By SANDRA RENDGEN
In these days of restricted travel, maps bring us some comfort – we can trace coastlines, measure journeys we plan to undertake. But when is a map not a map?
Cartography – an age-old discipline combining science and art – has created a unique way of looking at our planet, of flying over continuous landscapes and endless oceans. The 19th century was a golden age of atlases. Beautiful pieces for the educated household were printed in the world over. Many featured one very special type of map: the comparative tableau showing the longest rivers and highest mountains of the world.
This type of map makes possible the mind-blowing experience of looking at the whole world at once. Instead of depicting a given landscape according to the conventions of accurate cartography, we are shown the world’s biggest mountains and the longest rivers in one fictional space. Many different variations of this type of map were created during the 19th century, and it is fascinating to see a format that integrates diagram, map and panoramic view in one visual.
Mapmakers pulled out all the stops to arrange the geographic elements in innovative, ornate layouts – sometimes in a circle, sometimes in a diagonal design, sometimes in a diagram. This alluring example, printed in London in 1836, perfectly exemplifies what I love about these incredible precursor to the infographic: they look like a map, but they are not. They defy our expectations that we are looking at a unified representation of geographical space, presenting us instead with an impossible accumulation of rivers and mountains.
Look at the neatly ordered rivers! Their arrangement forms a beautiful halo around the centrepiece of this map: a virtual mountain, which absorbs in its enormous belly the highest individual peaks of the world. The rivers meander gently from source to estuary, flowing into a non-descript universal sea at the top; it is but one of the map’s curiosities that the rivers flow upwards. Another is that when you order rivers by their length instead of their geographical position you create new neighbours. The Mississippi and the Yangtze bring New Orleans and Nanjing to within a stone’s throw of each other.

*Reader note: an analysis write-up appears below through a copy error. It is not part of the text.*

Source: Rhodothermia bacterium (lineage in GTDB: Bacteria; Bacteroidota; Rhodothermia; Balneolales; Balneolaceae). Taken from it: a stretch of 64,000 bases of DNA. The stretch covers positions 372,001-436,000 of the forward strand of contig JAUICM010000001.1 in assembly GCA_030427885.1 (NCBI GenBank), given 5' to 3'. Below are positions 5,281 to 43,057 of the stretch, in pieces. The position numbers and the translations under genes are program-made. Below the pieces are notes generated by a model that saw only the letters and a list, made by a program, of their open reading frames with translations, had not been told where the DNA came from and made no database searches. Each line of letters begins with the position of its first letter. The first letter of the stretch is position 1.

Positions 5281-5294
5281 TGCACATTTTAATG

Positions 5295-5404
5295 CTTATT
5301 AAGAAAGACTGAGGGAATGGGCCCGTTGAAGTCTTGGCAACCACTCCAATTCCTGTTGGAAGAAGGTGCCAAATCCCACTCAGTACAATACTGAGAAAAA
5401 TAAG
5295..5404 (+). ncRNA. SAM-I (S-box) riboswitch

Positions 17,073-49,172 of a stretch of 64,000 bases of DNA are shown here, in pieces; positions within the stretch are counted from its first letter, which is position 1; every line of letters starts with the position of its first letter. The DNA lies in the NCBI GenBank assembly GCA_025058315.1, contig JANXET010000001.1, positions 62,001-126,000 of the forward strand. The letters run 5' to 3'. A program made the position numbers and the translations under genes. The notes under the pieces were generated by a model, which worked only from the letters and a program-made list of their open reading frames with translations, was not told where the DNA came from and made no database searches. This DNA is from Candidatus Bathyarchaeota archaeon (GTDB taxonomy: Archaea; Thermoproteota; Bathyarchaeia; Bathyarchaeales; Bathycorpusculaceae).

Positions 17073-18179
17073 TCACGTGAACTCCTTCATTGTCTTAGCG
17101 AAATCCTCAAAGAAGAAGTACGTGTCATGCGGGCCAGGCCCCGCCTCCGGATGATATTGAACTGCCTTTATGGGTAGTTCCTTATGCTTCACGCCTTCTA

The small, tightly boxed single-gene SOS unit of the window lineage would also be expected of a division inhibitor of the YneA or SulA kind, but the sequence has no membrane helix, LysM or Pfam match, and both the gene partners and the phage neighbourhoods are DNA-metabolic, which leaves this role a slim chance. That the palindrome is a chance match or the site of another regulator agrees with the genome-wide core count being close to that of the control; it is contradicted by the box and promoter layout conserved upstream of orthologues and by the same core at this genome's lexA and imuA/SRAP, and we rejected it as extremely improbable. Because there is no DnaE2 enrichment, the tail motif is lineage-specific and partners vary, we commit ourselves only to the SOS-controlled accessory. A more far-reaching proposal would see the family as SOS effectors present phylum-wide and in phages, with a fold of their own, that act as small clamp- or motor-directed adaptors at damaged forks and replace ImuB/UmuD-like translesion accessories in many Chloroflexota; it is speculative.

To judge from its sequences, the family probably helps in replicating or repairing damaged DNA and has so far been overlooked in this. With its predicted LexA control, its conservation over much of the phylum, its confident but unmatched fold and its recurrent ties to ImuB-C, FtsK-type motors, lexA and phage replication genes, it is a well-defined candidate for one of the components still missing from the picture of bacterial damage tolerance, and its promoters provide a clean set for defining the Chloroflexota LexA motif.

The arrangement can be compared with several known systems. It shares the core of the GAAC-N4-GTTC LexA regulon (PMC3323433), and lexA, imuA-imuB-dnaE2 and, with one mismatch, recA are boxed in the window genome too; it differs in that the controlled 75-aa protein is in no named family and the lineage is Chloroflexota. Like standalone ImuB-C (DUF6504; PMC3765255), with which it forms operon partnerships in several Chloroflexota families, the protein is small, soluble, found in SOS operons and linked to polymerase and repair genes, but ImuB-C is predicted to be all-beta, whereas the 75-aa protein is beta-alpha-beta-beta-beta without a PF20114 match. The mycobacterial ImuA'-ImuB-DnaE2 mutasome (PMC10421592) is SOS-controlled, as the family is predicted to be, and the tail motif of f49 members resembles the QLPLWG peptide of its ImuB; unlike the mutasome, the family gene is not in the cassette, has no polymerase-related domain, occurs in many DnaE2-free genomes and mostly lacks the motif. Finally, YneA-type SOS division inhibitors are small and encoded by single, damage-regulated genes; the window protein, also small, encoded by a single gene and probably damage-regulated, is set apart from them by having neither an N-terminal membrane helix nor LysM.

For centuries now, maps have been based on the conventional grid of longitude and latitude. This coordinate system for representing terrestrial space is deeply engrained in our brains and is invoked whenever we look at a map (and this is also why cartograms – which represent a statistical variable by blowing up or shrinking the respective map space are so difficult to wrap your head around). Comparative tableaux dissolve this cartographic space to enable comparison.
What I particularly like are the fictions that arise from this logic of arrangement. Defying scientific standards, these fictions are readily embraced and beautifully executed. For instance, our monolithic mountain rises from a non-descript ocean, in order to provide a sea level reference for all comparative heights. Along the “shore”, we find several places that genuinely lie at or near sea level, such as London and Rome (on the right) as well as the pyramids and the Niagara falls (on the left). Not only are these locations placed randomly along the bottom of the mountain, but their properties are also sometimes affected. It is fun to see how Niagara falls burst out conveniently into the sea and how the pyramids (whose surrounding sea of sand is very much part of their image) have their silhouette reflected in the water.
Mountain peaks are depicted rather creatively too – looking more like jelly bag caps than mountain peaks. Our virtual mountain is topped by the Dhaulagiri, a peak in Nepal considered at the time to be the highest mountain in the world. Note the lovely narrative details such as the little volcanos, the air balloon to the right or the condor to the left – all instances of compared heights.
This 19th century cartographic specialty – once called “the comparative machine” – integrates two conventions: the map and the diagram. It never ceases to amaze me that the marriage of two scientific schemes creates a rather unlikely virtual world. I guess that is what people call science fiction – fiction arising from science.
Images via David Rumsey Cartography Associates. I recommend the excellent book “Le monde sur une feuille” (Jean-Christophe Bailly, Jean-Marc Besse, Gilles Palsky, 2014), which focusses only on this particular type of maps and presents many many beautiful examples. The quote of the “comparative machine” is taken from Jean-Christophe Bailly’s preface (p. 4).
Sandra Rendgen is the author of two bestselling books on data visualisation and infographics, both published by Taschen. Currently she is getting lost in the history of data visualisation.